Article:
St. Francisville: Soothing to the Soul
St. Francisville: Soothing to the Soul
By Anne Butler, Images by Darrell Chitty
They come from every direction…from north or south along crowded US Highway 61, from the east via LA Highway 10, from the west across the new Audubon Bridge over the Mississippi River…and once they cross that parish line into West Feliciana, there is a collective audible sigh. Aaaaaaaaaaaaaaaaahhhhhhhh!
What is it that makes St. Francisville and West Feliciana so soothing to the soul, a respite from the hustle and bustle of our hurried harried modern lifestyle? It is now, and always has been, a sanctuary, and not in the current politicized immigration sense. Somehow it has managed to strike the right balance between preservation and progress, preserving significant pieces of the past while providing modern-day comforts and services. Someone recalled that as children in pre-bridge days, when the ferry docked at the foot of the St. Francisville hill they pretended it was a time machine, because it was like going back in time, with the extended branches of the ancient live oaks welcoming as if into the arms of loving grandparents.
History, after all, is something to learn from and build upon; the lessons of the past---both good and bad---show us where we came from and where we have the potential to go. And so, amidst the wonderful array of carefully preserved historic homes and churches and scenic unspoiled wilderness areas, there are also modern medical facilities and libraries, top school system and a new inclusiveness that celebrates the cultural contributions of every level of society. The natural beauties of the landscape that so excited artist John James Audubon 200 years ago continue to inspire creative souls into the 21st century, and joyful festivals and concerts show off the talents of today’s crop of artists, musicians, writers, crafters, chefs and other gifted residents.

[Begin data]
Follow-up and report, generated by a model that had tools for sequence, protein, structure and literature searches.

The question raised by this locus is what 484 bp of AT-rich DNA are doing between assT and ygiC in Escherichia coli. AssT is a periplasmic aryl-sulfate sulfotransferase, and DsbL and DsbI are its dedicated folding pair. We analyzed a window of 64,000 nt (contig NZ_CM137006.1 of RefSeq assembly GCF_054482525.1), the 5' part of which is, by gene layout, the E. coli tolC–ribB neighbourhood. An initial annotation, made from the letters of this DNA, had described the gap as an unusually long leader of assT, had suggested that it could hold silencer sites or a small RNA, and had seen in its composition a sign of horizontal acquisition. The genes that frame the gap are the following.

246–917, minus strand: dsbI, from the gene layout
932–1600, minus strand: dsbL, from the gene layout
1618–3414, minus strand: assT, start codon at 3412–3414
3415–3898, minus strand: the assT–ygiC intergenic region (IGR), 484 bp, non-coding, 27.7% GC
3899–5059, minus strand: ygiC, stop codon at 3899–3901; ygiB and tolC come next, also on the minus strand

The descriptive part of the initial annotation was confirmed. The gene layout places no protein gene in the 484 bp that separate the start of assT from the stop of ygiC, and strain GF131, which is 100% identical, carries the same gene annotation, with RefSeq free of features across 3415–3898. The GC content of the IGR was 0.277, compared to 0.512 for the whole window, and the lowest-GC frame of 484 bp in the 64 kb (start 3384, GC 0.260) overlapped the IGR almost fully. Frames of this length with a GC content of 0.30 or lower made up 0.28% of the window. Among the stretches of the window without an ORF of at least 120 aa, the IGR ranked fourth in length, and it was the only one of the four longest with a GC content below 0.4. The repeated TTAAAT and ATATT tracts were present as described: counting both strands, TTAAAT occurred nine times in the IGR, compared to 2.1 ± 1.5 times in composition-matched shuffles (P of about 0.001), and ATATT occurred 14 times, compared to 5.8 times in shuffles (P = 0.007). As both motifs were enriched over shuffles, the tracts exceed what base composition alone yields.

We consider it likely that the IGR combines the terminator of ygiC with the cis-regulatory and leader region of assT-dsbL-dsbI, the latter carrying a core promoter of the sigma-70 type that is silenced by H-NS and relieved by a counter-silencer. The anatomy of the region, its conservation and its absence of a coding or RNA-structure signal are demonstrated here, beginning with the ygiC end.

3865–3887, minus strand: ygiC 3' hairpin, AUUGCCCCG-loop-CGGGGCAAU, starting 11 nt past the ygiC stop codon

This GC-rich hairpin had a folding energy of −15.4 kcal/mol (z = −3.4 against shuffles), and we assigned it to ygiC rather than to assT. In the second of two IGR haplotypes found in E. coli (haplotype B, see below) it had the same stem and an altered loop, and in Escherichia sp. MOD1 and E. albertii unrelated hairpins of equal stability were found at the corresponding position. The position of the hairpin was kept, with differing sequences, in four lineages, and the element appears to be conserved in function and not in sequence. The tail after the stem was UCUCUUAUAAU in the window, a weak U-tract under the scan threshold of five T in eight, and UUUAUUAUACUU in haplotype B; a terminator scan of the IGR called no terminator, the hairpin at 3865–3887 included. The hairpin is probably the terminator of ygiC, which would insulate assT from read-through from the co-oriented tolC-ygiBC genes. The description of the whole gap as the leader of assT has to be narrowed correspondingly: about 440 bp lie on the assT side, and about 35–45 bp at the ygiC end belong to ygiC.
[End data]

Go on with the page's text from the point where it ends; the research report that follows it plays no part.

A Facebook request drew insightful comments from a wide variety of St. Francisville lovers---those born and bred here who never left, whose bloodlines run as deep and strong as the roots of those majestic live oaks; those who couldn’t wait to leave, but found themselves inevitably drawn back home; and those who came to visit and simply never left. And there were three main themes as to why St. Francisville’s logo “We Love It Here” is so fitting. First, the rolling hills and deep hollows, the verdant pastoral reaches, the mighty river and bountiful blossoms in well-tended gardens with always the scent of sweet olive or some other old fragrance perfuming the air, the terrain unlike any other in flat swampy south Louisiana (as one said, when you live in the swamp, West Feliciana seems like mountains).
Second, the charm of St. Francisville’s streetscape with restored 19th-century homes and churches, giving a sense of place, and yes, it’s a small town but in a good way, with a beautiful sense of grace that soothes the mind and soul, free of too much glitz and commercialism. And third and perhaps most important, the people, warm and welcoming with an unmatched sense of community and heritage and hospitality, where one can sit peacefully on the gallery and listen to the stories and watch the night fall as fireflies flit through the live oaks. Essentially, as one said, it’s a beautiful state of mind, where neighbors show care and concern, and the sky is full of stars and you can actually hear the night sounds. What it is, to most who live here, is home, a lasting tribute to the generations who have struggled to protect and honor and cherish its resources, residents and rich history.